This was very interestingly written and the subject matter was more dreadful and bleak than anything else I’ve read. By the end of it I felt like it had taught me a lesson about the fragility of our world and shown me that commonplace imaginings of personal and societal disaster are not even close to contemplating the full existential and psychological horror that’s possible. Living in the middle panel of Bosch’s Garden of Earthly Delights, it helps to be look at the right panel occasionally.
Like others, I did not like the ending being possibly hopeful and positive. It felt like McCarthy pulled his punches at the end.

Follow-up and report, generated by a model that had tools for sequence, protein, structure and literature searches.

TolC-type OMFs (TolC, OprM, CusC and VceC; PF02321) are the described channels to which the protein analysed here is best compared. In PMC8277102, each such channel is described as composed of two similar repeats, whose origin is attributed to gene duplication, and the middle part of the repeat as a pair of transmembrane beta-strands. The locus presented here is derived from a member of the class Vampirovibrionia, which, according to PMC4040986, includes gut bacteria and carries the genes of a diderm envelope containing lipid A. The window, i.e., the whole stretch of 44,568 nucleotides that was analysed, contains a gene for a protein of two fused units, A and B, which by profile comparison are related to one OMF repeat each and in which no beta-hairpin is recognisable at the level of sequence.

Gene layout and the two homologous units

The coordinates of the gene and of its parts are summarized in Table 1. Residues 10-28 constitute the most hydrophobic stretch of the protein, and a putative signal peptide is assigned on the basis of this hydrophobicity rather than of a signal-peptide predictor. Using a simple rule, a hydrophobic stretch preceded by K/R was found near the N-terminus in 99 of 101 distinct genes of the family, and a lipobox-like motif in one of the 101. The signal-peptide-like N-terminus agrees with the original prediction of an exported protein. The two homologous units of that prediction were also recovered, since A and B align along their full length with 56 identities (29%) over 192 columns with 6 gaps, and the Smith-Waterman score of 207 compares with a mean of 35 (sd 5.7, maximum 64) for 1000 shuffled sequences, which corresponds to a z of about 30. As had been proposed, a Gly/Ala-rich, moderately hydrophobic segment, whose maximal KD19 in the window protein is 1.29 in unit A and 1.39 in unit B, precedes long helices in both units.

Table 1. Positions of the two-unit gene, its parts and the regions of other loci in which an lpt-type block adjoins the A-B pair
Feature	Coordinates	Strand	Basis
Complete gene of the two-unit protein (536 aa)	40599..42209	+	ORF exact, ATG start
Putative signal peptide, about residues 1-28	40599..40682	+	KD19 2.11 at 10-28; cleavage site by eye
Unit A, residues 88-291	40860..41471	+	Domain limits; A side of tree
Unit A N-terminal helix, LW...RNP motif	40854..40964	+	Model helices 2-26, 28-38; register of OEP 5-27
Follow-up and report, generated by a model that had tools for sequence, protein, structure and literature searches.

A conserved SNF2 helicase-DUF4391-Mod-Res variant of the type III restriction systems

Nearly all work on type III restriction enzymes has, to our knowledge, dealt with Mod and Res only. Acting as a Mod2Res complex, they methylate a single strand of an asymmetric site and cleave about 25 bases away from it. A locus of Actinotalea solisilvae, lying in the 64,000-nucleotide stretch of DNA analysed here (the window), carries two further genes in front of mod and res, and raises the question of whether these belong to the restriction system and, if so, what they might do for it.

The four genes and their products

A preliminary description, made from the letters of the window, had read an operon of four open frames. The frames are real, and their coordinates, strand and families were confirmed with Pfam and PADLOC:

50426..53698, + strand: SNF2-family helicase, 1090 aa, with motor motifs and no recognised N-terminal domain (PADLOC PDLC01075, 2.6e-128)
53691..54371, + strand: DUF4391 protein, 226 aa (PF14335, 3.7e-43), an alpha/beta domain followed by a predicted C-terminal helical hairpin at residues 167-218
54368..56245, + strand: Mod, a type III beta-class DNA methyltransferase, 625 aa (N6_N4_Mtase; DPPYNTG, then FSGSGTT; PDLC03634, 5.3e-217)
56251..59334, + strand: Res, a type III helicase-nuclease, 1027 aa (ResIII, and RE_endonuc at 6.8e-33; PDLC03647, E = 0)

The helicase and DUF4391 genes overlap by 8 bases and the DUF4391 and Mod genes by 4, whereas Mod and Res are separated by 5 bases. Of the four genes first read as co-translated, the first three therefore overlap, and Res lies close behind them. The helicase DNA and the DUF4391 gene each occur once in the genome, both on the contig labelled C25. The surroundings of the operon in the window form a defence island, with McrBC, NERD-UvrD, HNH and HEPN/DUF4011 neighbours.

For some reason, I keep thinking about the last paragraph of the book. I don’t know if it’s just something in the quality of the writing that grabs me (the use of 10-dollar words seems masterful), or there’s an idea or sentiment in it that I can’t articulate nor forget.
“Once there were brook trouts in the streams in the mountains. You could see them standing in the amber current where the white edges of their fins wimpled softly in the flow. They smelled of moss in your hand. Polished and muscular and torsional. On their backs were vermiculate patterns that were maps of the world in its becoming. Maps and mazes. Of a thing which could not be put back. Not be made right again. In the deep glens where they lived all things were older than man and they hummed of mystery.”